Last week we set the table (pun intended) for this weeks installment on how to live up to your athletic potential. What are you doing that’s setting yourself apart from the hundreds or thousands of athletes trying to steal the position that you have worked so hard to get? This week we are going to talk about what fuels your workouts and games, gives you focus, positive attitude, energy and most importantly, recovery. All of this serves as the base of the pyramid, the foundation of the house, where it all begins and ends.
Three main areas comprise athletic performance: potential, talent, and training. Potential is first and foremost because talent and training will be expressed from potential. You can be born with some ability, but it can also be developed. Training and conditioning are gained through hard work. That said, either one is useless without potential. Potential is what you are genetically capable of. Think of the difference between Olympic sprinters and distance runners or an NFL lineman vs. a wide receiver. These are athletes that, due to potential, could never perform at a high level as their opposites. I can do a physical assessment to determine a young athletes potential and ideal sport and position. But that discussion is for another day and another blog.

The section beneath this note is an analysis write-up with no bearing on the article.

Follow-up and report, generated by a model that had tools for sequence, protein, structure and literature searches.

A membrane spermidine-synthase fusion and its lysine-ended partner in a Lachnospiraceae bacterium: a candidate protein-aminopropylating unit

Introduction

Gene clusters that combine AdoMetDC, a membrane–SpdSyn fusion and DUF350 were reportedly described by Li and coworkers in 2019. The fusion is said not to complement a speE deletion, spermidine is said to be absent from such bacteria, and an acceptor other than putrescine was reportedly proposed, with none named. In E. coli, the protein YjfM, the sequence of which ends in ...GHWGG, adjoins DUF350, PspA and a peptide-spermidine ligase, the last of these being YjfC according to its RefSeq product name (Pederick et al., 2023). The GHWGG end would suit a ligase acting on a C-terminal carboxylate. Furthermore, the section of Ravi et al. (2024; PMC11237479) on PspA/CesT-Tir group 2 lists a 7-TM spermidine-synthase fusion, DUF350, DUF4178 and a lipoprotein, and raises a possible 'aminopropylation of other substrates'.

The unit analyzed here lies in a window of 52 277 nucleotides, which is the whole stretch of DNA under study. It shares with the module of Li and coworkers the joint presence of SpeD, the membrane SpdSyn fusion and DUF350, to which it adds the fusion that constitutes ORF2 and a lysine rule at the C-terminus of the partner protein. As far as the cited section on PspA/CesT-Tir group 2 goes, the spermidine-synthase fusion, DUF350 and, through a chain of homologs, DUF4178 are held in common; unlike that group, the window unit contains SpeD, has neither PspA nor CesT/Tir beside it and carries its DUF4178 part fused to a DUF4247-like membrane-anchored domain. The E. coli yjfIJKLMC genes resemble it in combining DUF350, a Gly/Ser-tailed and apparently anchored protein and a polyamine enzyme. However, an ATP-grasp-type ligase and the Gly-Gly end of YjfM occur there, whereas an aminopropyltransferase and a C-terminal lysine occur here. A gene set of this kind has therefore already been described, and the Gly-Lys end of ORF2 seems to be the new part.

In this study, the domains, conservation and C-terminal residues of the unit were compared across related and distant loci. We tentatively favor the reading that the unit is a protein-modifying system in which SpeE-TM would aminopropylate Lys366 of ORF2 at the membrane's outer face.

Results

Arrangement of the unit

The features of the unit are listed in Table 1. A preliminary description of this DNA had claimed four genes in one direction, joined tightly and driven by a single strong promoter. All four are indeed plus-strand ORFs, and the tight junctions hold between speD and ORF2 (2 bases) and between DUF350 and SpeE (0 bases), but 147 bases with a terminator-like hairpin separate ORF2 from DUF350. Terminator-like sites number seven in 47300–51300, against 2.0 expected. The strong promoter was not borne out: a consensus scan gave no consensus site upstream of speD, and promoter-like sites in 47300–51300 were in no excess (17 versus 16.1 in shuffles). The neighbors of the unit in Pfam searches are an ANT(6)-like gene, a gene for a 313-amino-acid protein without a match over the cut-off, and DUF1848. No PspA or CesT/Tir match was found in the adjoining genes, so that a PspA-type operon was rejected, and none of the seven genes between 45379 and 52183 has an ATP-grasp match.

Whatever the unique combination of genetically inherited abilities you have, making up your potential, the expression and ability to utilize that potential is highly dependent upon the presence of one essential ingredient: ENERGY. If you don’t have the energy needed to express your full potential, your talent will be choked off, along with all the hard work put into training and conditioning. It will all be wasted!
Still not convinced that energy is the basis of everything you need to succeed? If any of the following is a weakness in your game or life, you will want to read on. Energy is the basis of the following: emotions, thoughts, reaction time, concentration, focus, aggression, motivation, drive, competitiveness, speed, agility, coordination, strength, endurance, all the senses, and all bodily functions. So, where does energy come from and how do you get more of it? Of the three primary systems that produce energy, today we focus on the oxidative system. This is the use of nutrients from the air, water, and food to create energy. It’s not as easy as just eating a “well-balanced meal” either. Your diet has to be clean, as in organic, and in the right ratio of carbs, fats, and protein. We must also eliminate the foods that are creating an immune response and inflammation (This will have to be a separate, short, future blog).
The biggest piece of the puzzle of performance is food. Next week I will teach you how to find out EXACTLY what foods will be optimal for you and why some of those foods will work for one athlete and not another.